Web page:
Meet Wantagh’s New Assistant Principal — Mr. Pappas

Mr. Pappas

Mr. Pappas

Jenna Miller, Editor in Chief


“No significant learning can occur without a significant relationship,” said James Comer, the Congressman representing the 1st district of Kentucky.

Mr. Nick Pappas, the new assistant principal of Wantagh High School, lives by this quote and strives to build lasting relationships with staff and students alike as he begins his new job.

Following the departure of Ms. Santorello, after she left for a different district, Mr. Pappas has taken on the roles she formerly held as of November 5. Pappas has 15 years of teaching experience as a Science teacher at Calhoun High School in the Bellmore-Merrick Central High School District.  At Calhoun, Mr. Pappas taught several high school science classes such as AP Biology, Chemistry, Advanced Science Research, and various electives. In addition, he served as District Mentor for teachers in Bellmore-Merrick where he led various workshops in lesson plan design, questioning techniques, and mindfulness practices.  During his tenure in Bellmore-Merrick, Pappas coached Boys and Girls Varsity Volleyball and served on the Site Based Committee.

Pappas’ main goal is to form positive relationships with the faculty and students. He believes that understanding and living the culture of the high school and the community will help him learn and determine what needs are beneficial to both the high school and to the Wantagh community.

“It’s definitely different being the assistant principal of the school,”  said Pappas. “It’s more extensive and comprehensive.”

Pappas explained that taking on this new position required a shift in his mindset.  Before, his primary domain was instruction whereas now it has taken a broader lens encompassing all domains such as student discipline, curriculum and instruction, attendance, athletics, and the arts. He does still work with the staff as well, in professional development and supporting teachers with what they need for their classrooms.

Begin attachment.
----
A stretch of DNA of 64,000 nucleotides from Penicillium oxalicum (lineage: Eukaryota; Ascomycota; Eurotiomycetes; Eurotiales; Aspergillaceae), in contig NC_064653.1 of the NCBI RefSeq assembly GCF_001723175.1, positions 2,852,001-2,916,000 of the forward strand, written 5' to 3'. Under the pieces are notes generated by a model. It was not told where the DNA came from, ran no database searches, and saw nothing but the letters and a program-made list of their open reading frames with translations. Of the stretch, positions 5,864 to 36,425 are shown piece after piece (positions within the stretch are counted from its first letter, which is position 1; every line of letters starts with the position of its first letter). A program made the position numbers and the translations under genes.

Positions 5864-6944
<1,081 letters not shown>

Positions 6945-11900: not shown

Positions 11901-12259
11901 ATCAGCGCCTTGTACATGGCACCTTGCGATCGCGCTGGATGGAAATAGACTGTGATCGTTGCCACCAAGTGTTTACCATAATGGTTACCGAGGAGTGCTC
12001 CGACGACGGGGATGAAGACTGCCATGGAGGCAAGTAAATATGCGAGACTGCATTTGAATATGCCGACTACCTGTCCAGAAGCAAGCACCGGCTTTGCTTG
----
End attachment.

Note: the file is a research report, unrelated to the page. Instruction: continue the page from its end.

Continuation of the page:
Outside of the school, Pappas is a father of three. He and his wife Patricia have three kids named Stel, Dimitri and Aya. He’s also very interested in languages — he can speak Greek and Spanish in addition to English.  Greek is actually his first language as his parents are immigrants from Greece. He didn’t speak English until he was 5 years old. He then went on to learn Spanish in middle school and continued learning it throughout college; he perfected it as an undergraduate at Boston College when he volunteered to teach 4th grade in a small village in the Dominican Republic.  When Pappas was 24 years old, he volunteered as a language translator for the Athens 2004 Olympic Games in Greece. Here he worked with athletes, journalists, and volunteers from all over the world.

“I’m so happy to be here,” Pappas affirmed. “I want to ensure that student needs are being met and that all decisions are centered around kids.